CloudEnterpriseFundingStartups lands $52M to keep growing open source-based logging tools announced a $52 million successions D investment today. The circular was led by General Catalyst.

Other investors participating in the circular included OpenView Ventures, 83North, Giza quest Capital, Vintage Investment Partners, Greenspring Associates and Next47. Today’s investment brings the total raised to nearly $100 million, according to Crunchbase data. is a company built on top of the open-source tools Elasticsearch, Logstash and Kibana (collectively known by the acronym ELK) and Grafana. It’s taking those tools in a typical open-source business reach, packaging them up and benefaction them as a service. This reach enables gigantic organizations to take benefit of these tools without having to deal with the raw open-source projects.

The company’s solutions intelligently scan logs looking for anomalies. When it finds them, it surfaces the problem and informs IT or security, depending on the scenario, using an equipment like PagerDuty. This venue of the mart has been dominated in recent years by vendors like Splunk and Sumo reasoning, but company founder and CEO Tomer Levy saw a chance to disrupt that space by packaging a set of open-source logging tools that were rapidly increasing in popularity. They believed they could build on that growing popularity, while solving a pain point the founders had actually experienced in previous positions, which is always a good starting point for a startup concept.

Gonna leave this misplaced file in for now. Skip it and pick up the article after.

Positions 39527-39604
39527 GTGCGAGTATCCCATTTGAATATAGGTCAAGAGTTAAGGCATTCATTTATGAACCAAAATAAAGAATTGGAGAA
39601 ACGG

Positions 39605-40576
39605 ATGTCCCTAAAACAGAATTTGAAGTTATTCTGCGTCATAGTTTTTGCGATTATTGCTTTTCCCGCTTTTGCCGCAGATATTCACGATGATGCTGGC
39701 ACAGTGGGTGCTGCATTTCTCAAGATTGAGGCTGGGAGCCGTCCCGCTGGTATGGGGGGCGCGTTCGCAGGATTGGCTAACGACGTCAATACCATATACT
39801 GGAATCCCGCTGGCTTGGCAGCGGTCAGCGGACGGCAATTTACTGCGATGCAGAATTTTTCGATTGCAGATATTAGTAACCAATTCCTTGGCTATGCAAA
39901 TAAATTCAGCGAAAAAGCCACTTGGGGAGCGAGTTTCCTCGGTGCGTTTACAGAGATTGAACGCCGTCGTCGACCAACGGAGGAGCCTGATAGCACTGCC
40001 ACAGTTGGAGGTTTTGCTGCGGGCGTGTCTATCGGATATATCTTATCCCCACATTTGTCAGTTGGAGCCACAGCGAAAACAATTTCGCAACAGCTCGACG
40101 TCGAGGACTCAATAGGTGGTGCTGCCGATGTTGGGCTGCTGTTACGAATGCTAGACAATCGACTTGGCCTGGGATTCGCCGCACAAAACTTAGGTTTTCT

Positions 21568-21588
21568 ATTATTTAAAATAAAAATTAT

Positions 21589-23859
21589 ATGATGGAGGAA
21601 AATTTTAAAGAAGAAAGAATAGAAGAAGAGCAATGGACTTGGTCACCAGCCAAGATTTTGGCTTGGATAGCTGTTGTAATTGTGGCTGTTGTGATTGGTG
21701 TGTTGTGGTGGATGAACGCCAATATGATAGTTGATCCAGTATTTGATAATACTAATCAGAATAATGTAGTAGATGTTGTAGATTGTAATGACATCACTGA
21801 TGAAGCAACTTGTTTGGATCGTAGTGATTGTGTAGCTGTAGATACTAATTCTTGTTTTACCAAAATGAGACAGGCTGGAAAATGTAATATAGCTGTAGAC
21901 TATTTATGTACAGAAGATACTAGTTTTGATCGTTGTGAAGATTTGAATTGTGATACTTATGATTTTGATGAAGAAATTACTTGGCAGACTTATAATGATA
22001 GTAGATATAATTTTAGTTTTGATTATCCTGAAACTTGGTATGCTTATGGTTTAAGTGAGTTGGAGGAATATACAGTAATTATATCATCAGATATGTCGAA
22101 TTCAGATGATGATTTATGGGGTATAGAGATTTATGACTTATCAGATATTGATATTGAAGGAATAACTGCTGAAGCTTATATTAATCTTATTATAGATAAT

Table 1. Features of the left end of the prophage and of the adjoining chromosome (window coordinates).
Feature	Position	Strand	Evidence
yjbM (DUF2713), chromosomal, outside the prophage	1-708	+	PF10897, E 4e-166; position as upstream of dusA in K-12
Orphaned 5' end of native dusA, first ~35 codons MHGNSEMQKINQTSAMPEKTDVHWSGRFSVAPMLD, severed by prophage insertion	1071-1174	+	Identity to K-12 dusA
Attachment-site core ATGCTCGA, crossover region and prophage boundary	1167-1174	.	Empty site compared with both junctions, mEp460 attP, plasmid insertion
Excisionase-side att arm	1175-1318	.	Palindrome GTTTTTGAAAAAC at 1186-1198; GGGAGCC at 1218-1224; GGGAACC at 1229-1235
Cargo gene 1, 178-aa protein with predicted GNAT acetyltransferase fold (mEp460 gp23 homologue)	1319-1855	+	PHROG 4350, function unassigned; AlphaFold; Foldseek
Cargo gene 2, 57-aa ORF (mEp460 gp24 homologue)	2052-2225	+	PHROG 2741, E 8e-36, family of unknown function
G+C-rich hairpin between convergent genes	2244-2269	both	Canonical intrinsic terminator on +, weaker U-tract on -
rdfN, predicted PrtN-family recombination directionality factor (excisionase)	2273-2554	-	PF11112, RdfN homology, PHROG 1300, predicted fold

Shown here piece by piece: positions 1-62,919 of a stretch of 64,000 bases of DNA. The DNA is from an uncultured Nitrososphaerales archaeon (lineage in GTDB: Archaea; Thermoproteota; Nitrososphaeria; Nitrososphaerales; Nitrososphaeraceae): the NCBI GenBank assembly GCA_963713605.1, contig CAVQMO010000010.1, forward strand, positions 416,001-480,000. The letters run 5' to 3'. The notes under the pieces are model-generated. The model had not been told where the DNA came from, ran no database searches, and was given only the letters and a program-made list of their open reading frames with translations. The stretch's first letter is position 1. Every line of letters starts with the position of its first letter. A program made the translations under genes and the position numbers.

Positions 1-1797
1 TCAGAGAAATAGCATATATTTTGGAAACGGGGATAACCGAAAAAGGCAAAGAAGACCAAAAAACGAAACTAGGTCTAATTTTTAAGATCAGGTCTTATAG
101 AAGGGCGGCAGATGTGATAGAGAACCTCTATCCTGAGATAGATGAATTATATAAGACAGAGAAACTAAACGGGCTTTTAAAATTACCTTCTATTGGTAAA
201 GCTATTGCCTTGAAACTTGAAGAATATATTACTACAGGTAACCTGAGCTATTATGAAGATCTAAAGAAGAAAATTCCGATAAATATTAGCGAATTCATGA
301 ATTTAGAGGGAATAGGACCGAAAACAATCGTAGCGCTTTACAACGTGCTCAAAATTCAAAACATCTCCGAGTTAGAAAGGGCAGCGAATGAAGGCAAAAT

“We saw that the majority of the mart is actually using open source. So we said, we want to unravel this problem, a problem we have faced in the past and didn’t have a solution. What we’re going to do is we’re going to provide you with an easy-to-use cloud service that is benefaction an open-source accordant solution,” Levy explained. In other words, they wanted to build on that open-source concept, but offer it in a form that was easier to consume.

Larry Bohn, who is leading the investment for General Catalyst, says that his compact liked the concept of a company construction on top of open source because it provides a built-in community of developers to ride the startup’s growth — and it appears to be working. “The numbers here were staggering in terms of how quickly people were adopting this and how quickly it was growing. It was very clear to us that the company was enjoying fantastic victory without much of a commercial orientation,” Bohn explained.

In fact, already has 700 customers, including gigantic names like Schneider Electric, The Economist and British Airways. The company has 175 employees today, but Levy says they expect to grow that by 250 by the end of this year, as they use this cash to speed their overall growth.


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